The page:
It takes all sorts18 February , 2014
Conversations with Nicola can sometimes leave me a bit stumped. To a certain extent I blame school for this. I don’t always get the frame of reference of what she’s talking about…but I try. I really try. I have to figure out where they were trying to go with something and then work my words of wisdom in to fit the theme, and at times turn it on its head if needed.
Example: Any of you who don’t have the “standard” family set-up of mom, dad, maybe a sibling or two will probably enjoy the family themed lessons just as much as I do (as in NOT AT ALL). This year for instance they had to make a family tree, but not of what their family actually looks like – just a standard sort of template tree. I calmed myself down about this figuring it was actually more about the cutting out of circles than about the tree, and for some reason all 20 children in the class had to have a mother with red hair, a dad with dark brown hair and two siblings – one of which had to be a baby, and one a brother, plus a grandfather but no grandmother. At some point I do hope we’ll get to discuss a tree that actually sort of resembles the one we are.
This obviously raises all sorts of questions and I try to answer them in a truthful and sort of PC way whenever I can. When Nicola wants to know why she doesn’t have a dad or siblings like her picture has, I say families are made up of all sorts of people. Almost no one’s real family looks like that. You get families where there is only a mom and a daughter, like us. You get families that only have a dad, some where there are two moms or two dads, some where the parents and the children don’t even look like each other. The more important thing is that they all love each other and consider themselves family, than whether they look like a cut out template family tree.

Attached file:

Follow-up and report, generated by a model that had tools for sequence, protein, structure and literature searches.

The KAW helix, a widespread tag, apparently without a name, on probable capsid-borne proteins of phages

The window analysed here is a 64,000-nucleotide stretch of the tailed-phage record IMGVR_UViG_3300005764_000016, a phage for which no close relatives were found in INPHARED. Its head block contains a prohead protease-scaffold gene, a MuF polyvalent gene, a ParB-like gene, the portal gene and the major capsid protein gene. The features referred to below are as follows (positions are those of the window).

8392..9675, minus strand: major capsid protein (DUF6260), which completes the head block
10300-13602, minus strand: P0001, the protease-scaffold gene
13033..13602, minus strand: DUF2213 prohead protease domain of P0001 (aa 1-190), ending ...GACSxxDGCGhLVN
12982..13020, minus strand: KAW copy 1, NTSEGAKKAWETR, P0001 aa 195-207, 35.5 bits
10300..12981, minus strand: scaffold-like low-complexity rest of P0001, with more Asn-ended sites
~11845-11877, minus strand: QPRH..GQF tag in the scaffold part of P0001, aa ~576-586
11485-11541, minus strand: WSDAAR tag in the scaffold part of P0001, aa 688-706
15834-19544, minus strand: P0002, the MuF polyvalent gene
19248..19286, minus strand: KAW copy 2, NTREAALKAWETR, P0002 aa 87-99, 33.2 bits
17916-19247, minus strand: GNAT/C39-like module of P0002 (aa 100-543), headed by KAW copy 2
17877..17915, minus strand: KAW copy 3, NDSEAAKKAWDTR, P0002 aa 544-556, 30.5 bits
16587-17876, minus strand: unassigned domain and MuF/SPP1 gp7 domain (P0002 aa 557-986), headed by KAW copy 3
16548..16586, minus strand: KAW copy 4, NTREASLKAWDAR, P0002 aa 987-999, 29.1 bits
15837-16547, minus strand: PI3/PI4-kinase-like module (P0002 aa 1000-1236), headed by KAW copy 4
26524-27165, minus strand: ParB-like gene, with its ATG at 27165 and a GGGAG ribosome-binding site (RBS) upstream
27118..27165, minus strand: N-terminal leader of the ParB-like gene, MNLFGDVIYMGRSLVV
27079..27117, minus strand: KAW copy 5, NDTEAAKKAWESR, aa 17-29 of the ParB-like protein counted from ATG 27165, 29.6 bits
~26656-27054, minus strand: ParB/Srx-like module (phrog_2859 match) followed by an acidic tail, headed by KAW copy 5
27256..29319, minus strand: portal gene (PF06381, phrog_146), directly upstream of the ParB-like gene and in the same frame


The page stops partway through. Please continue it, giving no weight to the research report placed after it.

Then she says something like, “Mmm…yes” and just as you think she understands and agrees with you she adds, “but MY pink dragon has a baby brother” or something similar. I just breathe in, breathe out and let it go. No doubt we will discuss this again next year when family tree week rolls by, and maybe she’s taking in more than she is willing to admit to – she often quotes me on things I have said years ago, and never again, with frightening accuracy. So just because she starts talking about pink dragons, doesn’t mean that she didn’t hear or believe me.
Other than the skill of cutting out circles, I think this kind of thing is probably good for a different kind of life lesson too. It’s about cookie cutters, and not necessarily being one. The powers that be have expectations that you are not always going to meet, and that’s okay – you just be you, and let them deal with their own expectations. I’ll be the one here in the background instigating that it’s okay to cut out the circles if someone says cut and paste THIS family tree, but to make a big stink about it if they expect the same saying cut and paste YOUR family tree, and it doesn’t look like your family.
Yesterday, she let loose one of these conversations on me again. This time it was about skin colour. She says, “Mamma, het jy geweet mens kry bruin mense, EN skin colour mense?” (Mom, did you know you get brown people, and skin coloured people?). Me, “Ja, ek het geweet – maar Nicola bruin is ook ‘n velkleur. Mens kry mense in pink, beige, geel, ligbruin, donkerbruin, swart – amper al die kleure – en hulle is almal “skin colour” want dit is die kleur wat hulle vel is.” (Yes, I did know that – but Nicola, brown is also a skin colour. You get people in all kinds of colours, pink, beige, yellow, light brown, dark brown, and black – almost all of the colours you can think of – and they are all “skin coloured” because that is the colour that their skin is. She looks like she’s thinking this over and then says, “yes, AND you get them in skin colour…but not green or blue, right mom?”
Hahaha, no – I haven’t seen people in green or blue yet either. I guess we’ll park this for the next round then. Thank you to whoever at her school taught my daughter that the light peachy colour crayon is skin colour. And when I say thank you, you know I mean something altogether different, right?
Do you have these kinds of conversations with your children? I can’t be the only one fielding these kind of questions…